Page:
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July 31, 2023 - By Mark Moran - Producer-Editor, Contact -News

 

Big Sky Connection - Record heat and drought have combined to create dangerous conditions for people and animals across the West, but now wildlife officials are implementing fishing restrictions due to record high water temperatures in Montana lakes and streams. So-called hoot-owl restrictions are in place in parts of the state but officials are now considering them in northwest Montana, where they have never been used before. Comments from Dillon Tabish (TAB ish), Region 1 communication and education program manager, Montana Department of Fish, Wildlife and Parks.

Mark Moran

July 31, 2023 - Drought and soaring temperatures have prompted state wildlife officials to restrict fishing on some of the state's most popular lakes and streams. And, for the first time, they are considering adding them in the Flathead River basin in northwest Montana.

The state has imposed so-called hoot-owl restrictions, which prohibit fishing between 2 p.m. and midnight. They are already in place on the Beaverhead, Bitterroot, Jefferson, Lower Madison, and Sun rivers.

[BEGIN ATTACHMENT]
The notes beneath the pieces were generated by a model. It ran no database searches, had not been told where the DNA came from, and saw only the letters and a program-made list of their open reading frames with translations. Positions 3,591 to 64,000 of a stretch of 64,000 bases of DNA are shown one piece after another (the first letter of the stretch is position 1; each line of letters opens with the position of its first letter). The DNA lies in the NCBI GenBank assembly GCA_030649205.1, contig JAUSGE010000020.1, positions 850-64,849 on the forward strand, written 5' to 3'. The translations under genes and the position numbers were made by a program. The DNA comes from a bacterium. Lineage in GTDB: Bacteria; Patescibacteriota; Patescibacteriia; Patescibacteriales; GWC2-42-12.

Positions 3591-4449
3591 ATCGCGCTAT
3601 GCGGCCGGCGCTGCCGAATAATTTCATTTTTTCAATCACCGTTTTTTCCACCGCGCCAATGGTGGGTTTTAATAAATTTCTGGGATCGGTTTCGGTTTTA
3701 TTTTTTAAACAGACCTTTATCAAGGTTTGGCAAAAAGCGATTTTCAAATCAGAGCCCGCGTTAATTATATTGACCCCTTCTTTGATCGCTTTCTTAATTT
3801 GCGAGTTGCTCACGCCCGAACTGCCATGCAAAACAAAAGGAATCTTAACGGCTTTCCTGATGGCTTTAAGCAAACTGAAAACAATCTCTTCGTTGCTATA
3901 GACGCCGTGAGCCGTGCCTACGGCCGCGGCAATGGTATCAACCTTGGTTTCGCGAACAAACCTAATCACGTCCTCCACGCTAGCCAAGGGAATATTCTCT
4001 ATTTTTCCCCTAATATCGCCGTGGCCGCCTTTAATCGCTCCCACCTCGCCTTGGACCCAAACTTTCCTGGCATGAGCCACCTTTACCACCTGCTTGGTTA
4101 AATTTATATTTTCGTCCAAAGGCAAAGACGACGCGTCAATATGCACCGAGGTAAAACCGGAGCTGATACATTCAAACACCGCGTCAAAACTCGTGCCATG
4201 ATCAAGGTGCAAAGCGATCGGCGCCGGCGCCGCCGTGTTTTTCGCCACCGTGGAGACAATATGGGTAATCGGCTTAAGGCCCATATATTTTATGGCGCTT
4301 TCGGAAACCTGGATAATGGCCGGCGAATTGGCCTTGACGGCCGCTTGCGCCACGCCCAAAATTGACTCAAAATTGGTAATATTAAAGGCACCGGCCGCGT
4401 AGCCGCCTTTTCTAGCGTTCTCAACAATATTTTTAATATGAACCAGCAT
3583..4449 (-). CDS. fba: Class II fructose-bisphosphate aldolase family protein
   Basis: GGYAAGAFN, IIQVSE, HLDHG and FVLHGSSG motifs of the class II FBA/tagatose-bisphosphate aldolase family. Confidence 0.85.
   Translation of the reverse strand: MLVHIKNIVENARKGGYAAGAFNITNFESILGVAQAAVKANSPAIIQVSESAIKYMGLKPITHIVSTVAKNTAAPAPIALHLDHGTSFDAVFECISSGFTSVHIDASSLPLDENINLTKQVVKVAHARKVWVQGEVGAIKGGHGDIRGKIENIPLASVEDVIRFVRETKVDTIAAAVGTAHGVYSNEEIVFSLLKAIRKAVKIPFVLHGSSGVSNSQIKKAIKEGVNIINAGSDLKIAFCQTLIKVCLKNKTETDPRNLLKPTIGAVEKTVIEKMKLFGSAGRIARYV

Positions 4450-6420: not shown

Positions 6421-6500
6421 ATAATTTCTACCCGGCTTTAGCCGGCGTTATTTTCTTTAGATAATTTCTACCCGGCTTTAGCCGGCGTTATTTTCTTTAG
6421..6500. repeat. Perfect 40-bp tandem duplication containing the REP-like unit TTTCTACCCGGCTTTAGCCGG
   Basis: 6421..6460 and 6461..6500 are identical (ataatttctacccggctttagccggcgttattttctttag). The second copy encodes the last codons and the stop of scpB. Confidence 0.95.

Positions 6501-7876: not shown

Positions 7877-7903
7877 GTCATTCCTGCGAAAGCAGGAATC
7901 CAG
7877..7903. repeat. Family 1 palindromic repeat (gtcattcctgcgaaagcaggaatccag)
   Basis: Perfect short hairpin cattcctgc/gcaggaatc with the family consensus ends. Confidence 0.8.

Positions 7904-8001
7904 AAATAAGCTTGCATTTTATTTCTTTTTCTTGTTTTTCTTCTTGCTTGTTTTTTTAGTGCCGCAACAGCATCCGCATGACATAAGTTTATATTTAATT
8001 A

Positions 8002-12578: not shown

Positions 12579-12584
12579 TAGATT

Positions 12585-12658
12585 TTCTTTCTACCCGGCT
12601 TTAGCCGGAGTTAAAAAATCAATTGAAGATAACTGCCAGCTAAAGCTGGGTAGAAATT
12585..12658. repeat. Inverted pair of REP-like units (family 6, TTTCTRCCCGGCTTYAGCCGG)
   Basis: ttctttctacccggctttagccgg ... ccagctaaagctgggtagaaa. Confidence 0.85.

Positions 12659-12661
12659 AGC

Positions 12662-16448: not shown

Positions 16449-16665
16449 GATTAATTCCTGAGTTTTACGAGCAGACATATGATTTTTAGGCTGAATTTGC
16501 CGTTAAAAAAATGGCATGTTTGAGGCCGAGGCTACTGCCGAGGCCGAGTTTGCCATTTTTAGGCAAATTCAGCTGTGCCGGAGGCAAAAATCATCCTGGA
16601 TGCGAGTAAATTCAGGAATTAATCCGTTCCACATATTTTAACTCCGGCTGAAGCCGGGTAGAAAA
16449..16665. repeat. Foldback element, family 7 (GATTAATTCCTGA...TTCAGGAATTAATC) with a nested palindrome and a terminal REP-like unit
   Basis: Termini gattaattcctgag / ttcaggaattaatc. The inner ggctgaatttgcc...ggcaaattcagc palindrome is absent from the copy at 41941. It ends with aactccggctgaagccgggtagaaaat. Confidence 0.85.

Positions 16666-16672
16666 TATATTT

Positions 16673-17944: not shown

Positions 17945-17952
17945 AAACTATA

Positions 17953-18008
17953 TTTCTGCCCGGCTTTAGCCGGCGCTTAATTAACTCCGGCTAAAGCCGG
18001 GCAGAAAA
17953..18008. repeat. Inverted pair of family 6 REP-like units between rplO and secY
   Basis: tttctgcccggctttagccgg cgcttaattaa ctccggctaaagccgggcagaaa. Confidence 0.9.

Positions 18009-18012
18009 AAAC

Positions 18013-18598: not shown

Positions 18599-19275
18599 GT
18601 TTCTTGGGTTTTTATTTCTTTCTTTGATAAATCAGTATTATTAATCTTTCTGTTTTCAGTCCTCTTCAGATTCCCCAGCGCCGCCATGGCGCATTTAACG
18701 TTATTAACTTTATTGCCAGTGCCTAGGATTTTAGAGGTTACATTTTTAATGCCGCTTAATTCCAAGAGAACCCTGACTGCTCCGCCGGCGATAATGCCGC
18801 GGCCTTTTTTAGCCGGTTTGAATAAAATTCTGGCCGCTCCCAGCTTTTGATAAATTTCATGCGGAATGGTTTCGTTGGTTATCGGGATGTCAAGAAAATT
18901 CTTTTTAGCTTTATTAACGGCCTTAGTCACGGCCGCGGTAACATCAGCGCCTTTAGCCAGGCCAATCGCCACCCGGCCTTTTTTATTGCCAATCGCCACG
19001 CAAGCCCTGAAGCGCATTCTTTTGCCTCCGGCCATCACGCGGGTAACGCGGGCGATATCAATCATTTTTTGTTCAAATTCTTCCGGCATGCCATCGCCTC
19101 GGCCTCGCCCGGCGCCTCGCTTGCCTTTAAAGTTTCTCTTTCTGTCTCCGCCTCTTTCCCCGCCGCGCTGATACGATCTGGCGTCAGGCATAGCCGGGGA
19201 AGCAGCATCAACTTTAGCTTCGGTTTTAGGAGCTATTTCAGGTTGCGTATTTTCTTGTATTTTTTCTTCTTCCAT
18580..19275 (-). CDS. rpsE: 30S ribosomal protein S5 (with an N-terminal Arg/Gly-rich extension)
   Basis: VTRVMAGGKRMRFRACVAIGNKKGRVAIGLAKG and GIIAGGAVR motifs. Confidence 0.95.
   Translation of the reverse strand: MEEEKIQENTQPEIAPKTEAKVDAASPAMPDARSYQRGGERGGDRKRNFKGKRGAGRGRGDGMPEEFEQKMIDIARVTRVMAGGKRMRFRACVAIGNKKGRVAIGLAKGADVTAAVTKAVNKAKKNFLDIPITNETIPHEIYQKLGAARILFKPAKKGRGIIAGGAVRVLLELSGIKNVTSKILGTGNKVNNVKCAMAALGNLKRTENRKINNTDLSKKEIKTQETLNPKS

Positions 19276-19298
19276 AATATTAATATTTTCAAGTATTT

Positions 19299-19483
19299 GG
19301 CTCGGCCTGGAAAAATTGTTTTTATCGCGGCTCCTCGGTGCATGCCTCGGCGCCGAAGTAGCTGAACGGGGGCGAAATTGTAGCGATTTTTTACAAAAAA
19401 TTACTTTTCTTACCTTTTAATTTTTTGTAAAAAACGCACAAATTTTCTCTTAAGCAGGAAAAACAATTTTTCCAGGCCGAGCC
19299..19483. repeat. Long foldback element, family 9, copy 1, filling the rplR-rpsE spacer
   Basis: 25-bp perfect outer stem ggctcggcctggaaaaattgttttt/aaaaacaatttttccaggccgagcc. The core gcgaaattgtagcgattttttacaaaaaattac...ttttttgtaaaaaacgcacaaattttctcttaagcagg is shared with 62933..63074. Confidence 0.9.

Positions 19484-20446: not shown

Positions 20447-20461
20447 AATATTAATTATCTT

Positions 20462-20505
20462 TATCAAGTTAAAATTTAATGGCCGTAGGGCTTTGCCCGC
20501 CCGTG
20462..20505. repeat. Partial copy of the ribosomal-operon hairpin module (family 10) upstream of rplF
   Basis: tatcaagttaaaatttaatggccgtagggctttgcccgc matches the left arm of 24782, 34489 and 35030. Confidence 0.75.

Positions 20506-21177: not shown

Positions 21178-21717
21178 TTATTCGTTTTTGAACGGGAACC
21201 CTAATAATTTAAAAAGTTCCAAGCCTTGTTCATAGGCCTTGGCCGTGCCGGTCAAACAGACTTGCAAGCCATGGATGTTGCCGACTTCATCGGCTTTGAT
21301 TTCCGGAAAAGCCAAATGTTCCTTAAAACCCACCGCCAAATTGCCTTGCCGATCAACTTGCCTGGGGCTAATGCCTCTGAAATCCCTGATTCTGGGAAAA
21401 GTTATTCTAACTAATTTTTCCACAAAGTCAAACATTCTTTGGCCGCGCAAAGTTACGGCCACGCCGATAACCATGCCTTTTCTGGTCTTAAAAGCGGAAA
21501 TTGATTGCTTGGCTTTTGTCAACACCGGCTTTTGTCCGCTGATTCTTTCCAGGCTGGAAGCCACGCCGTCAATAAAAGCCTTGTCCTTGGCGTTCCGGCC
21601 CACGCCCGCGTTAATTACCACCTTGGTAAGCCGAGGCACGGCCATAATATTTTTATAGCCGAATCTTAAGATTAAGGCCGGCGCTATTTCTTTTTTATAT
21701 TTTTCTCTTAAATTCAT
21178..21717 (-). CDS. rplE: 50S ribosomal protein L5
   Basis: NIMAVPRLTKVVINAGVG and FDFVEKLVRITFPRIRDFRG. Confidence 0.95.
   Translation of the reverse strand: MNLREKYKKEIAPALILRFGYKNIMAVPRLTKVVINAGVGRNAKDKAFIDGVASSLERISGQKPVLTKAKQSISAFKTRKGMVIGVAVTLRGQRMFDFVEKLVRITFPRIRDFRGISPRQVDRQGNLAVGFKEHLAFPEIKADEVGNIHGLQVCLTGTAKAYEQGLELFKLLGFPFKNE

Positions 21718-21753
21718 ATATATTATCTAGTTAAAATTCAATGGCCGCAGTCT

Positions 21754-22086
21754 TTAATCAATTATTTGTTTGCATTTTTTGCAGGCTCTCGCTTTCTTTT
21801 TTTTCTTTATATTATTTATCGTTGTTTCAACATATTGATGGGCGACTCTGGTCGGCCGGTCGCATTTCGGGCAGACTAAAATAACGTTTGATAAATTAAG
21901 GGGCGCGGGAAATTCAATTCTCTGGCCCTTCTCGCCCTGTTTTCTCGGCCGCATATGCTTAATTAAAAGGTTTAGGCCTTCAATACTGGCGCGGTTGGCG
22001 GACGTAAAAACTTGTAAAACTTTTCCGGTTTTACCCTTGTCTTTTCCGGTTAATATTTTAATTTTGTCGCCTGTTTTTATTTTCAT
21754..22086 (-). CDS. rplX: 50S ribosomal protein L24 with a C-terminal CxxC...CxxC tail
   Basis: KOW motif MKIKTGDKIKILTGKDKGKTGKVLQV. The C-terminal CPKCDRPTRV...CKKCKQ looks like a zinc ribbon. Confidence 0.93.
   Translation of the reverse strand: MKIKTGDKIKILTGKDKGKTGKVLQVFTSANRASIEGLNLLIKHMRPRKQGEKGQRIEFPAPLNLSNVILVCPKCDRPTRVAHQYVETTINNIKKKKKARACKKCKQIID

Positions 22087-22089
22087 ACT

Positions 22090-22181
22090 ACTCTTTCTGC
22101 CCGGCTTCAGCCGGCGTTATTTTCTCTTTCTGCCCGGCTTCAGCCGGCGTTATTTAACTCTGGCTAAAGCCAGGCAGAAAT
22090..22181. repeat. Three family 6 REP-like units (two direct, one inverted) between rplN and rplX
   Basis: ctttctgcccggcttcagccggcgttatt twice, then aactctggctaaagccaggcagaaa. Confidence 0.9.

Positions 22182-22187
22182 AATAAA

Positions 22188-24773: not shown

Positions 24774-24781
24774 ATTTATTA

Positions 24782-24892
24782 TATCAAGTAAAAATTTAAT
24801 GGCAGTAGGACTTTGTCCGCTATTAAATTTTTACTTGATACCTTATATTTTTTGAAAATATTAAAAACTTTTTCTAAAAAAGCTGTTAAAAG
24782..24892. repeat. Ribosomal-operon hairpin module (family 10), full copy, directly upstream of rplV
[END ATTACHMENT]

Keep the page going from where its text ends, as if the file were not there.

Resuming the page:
Below-average rainfall, higher temperatures, and reduced snowpack runoff have combined to leave the Flathead River levels in northwest Montana at about a third of normal.

The Region One Communication and Education Program Manager for the Montana Department of Fish, Wildlife and Parks - Dillon Tabish - said the state is considering hoot-owl restrictions for the Flathead too because water temperatures are too high for the lake's cold-water trout.

"For cutthroat trout that criteria is about 66 degrees, and then for bull trout it's about 60 degrees," said Tabish. "Once the temperatures in the water get to be that warm, these trout can be more susceptible to disease, predation, and other mortalities that can occur."

The National Weather Service predicts above-average high temperatures nearing 100 degrees in parts of Montana.

Wildlife officials encourage anglers to land fish quickly and keep them in the water as long as possible to reduce stress, and they are asking anglers to report sick or struggling fish to the state.

Tabish said no northwest Montana river has ever been completely closed to fishing and he said he's hopeful that can remain the case.

"There are ways the fishermen can voluntarily help reduce the stress on our native trout and that's self-regulating a little," said Tabish. "Not fishing during the hottest parts of the day. If there was ever a time to really be vigilant and try to reduce your impacts on our fish, now's the time."

The western United States has been sweltering amid an extended and dangerous heat wave that has tied or broken records in several Montana towns and cities.

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